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Starvation is driving thousands of surrendered insurgents to return to the fighters in the forest

16 March 2023
Reading time: 5 minutes

Very little food and clean drinking water, too few shelters and poor living conditions are driving thousands of repentant insurgents in the Dikwa Local Government Area to return to their old ways of life, rejoining fighters in the forest and attacking the innocent people who had welcomed them back into their community.

Rawa Shettima, one of the leaders of the New Arrival Camp in Dikwa said there were 1,200 repentant insurgents living in the camp. Most of them came from Maiduguri where they had surrendered, been deradicalised and rehabilitated before being allowed to return to their communities.

He said there were about 8,000 more surrendered fighters living in Dikwa town. Some were renting houses, others were living with relatives and quite a few were squatting in rooms belonging to people in the host community.

“New Arrival Camp is badly overcrowded with five or six people sharing a single room. We need many more shelters. And it is not much better for those in the town. All the repentant insurgents – inside and outside the camp – are starving. They do not have work. They do not have enough food or clean water. I know of about 60 people who have left the camp to return to the fighters in the forest. But I estimate a couple of thousand repentant insurgents have already returned to their old ways.

“They are so desperate that they go back even though they know there is a chance that the active insurgents could kill them because they surrendered and are no longer considered trustworthy. But that has not stopped them. There are many more who plan to return to their old ways because they are starving and life in the camp and even in the town is just too hard. They are barely surviving.

“The repentant insurgents pretend they are going to collect wood and then they sneak back into the forest.”

Shettima said he and other leaders of the camp had spoken to authorities about the poor living conditions and the lack of basic amenities. They had even warned the authorities that many repentant insurgents had gone back to the forest and many more were thinking about it.

“But the authorities have not taken any action to help us. No government or non-governmental organisations [NGOs] have given us any humanitarian aid.

“The last time we got food was about six months ago. Since then we have had to scrounge for food or beg in the streets for money so that we can get something in our stomachs. Our living conditions are terrible. It’s no wonder that so many penitent insurgents want to go back to their old lives.”

Mallam Abukar, a repentant insurgent, told RNI that when he was an active insurgent, he and others would spend the day farming and, when there was a fight, they participated.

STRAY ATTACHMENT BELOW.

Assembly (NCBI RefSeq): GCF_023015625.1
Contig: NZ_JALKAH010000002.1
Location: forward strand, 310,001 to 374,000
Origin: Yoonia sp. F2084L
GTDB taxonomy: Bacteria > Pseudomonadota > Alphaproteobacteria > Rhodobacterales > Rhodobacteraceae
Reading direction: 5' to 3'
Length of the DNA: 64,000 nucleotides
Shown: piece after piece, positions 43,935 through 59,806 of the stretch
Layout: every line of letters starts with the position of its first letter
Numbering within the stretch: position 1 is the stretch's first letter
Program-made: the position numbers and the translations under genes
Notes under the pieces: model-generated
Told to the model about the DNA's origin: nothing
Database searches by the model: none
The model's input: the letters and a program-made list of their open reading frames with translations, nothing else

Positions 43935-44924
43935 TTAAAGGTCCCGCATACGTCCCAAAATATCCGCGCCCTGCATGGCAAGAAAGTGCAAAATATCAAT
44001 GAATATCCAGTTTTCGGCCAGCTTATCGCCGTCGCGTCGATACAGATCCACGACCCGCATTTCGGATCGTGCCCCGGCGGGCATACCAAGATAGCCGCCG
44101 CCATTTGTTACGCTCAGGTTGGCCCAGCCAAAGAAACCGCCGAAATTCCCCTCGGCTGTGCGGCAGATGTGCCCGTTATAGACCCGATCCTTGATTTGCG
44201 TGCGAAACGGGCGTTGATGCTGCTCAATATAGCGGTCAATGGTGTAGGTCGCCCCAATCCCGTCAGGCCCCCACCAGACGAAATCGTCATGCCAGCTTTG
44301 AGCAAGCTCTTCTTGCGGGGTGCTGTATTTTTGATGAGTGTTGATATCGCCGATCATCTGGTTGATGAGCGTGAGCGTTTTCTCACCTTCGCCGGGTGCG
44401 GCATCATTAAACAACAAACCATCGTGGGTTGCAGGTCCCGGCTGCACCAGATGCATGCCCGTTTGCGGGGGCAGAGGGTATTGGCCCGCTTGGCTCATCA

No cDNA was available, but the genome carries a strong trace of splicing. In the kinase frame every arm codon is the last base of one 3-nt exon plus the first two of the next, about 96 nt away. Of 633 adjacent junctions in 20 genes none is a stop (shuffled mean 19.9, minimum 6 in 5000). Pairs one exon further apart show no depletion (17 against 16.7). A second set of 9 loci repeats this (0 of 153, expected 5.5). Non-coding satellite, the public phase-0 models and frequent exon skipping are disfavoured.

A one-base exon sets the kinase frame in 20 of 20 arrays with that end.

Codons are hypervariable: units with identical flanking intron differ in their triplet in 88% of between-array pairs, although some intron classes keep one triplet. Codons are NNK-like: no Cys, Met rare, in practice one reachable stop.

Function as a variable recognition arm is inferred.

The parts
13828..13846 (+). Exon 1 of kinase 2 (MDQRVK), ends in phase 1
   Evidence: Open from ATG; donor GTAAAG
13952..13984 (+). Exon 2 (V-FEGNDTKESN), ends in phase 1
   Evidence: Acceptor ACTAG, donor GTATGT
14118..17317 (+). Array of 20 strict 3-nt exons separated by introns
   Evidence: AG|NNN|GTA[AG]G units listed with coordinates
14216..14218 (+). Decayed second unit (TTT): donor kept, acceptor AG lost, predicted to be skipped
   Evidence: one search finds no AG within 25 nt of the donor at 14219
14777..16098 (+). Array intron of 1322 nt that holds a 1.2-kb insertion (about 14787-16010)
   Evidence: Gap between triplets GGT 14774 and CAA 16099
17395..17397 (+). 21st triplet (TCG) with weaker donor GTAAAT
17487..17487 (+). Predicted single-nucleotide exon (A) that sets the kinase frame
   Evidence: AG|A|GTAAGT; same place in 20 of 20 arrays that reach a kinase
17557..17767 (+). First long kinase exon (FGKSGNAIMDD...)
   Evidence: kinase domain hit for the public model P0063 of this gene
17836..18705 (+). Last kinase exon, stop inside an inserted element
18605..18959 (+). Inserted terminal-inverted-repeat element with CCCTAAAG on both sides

“I decided to leave Mukdolo forest about a year ago. One day back then, a helicopter flew over the forest and dropped pamphlets urging fighters to surrender. They promised us that if we truly renounced violence we could return to our communities and live in peace. That’s when I and many others started planning to leave. When we left, we surrendered to the military and we were kept in a camp where we were deradicalised and rehabilitated.

“There are about 6,000 insurgents I know of who want to surrender. But they fear doing so because the fighters have threatened to kill anyone they suspect of wanting to surrender. Insurgents are not only attacking innocent people. There is fighting between the members of Boko Haram [Jamā’at Ahl as-Sunnah lid-Da’way Wa’l-Jihād – JAS] and those from the Islamic State West Africa Province [ISWAP].

“But now many of those who planned to escape and surrender have heard how bad life is on the outside and have seen how many people have returned. Now they are staying where they are.

“Life in the forest was hard but it is worse here because we are starving. Each day I hear about more repentant insurgents going back to the forest. We have a lot of challenges. We don’t have food or good drinking water. We don’t even have basic amenities.

“If the government and NGOs do not provide shelters, food, water and basic social services soon, they will be responsible for more repentant insurgents returning to the bush.”

Ya Fanna, the wife of a repentant insurgent, told RNI that she had left the bush about six months ago and was living with her children in the camp in Dikwa town.

“But instead of getting better, life has got worse here. We are starving, we don’t have enough shelters, we don’t even have healthcare services. Often I have to beg on the streets because otherwise we would starve to death.

“Now the holy month of Ramadan is approaching and we are pleading with the government and humanitarian agencies to help us by providing food and temporary tents with mattresses.”

Ali Dikwa, a repentant insurgent, said many of those who surrendered – particularly the women and children – had returned to the fighters in the forest “just because they were so hungry”.

“If the government does not want us to go back to our old ways, it must do something quickly to help us otherwise all of us will return.”


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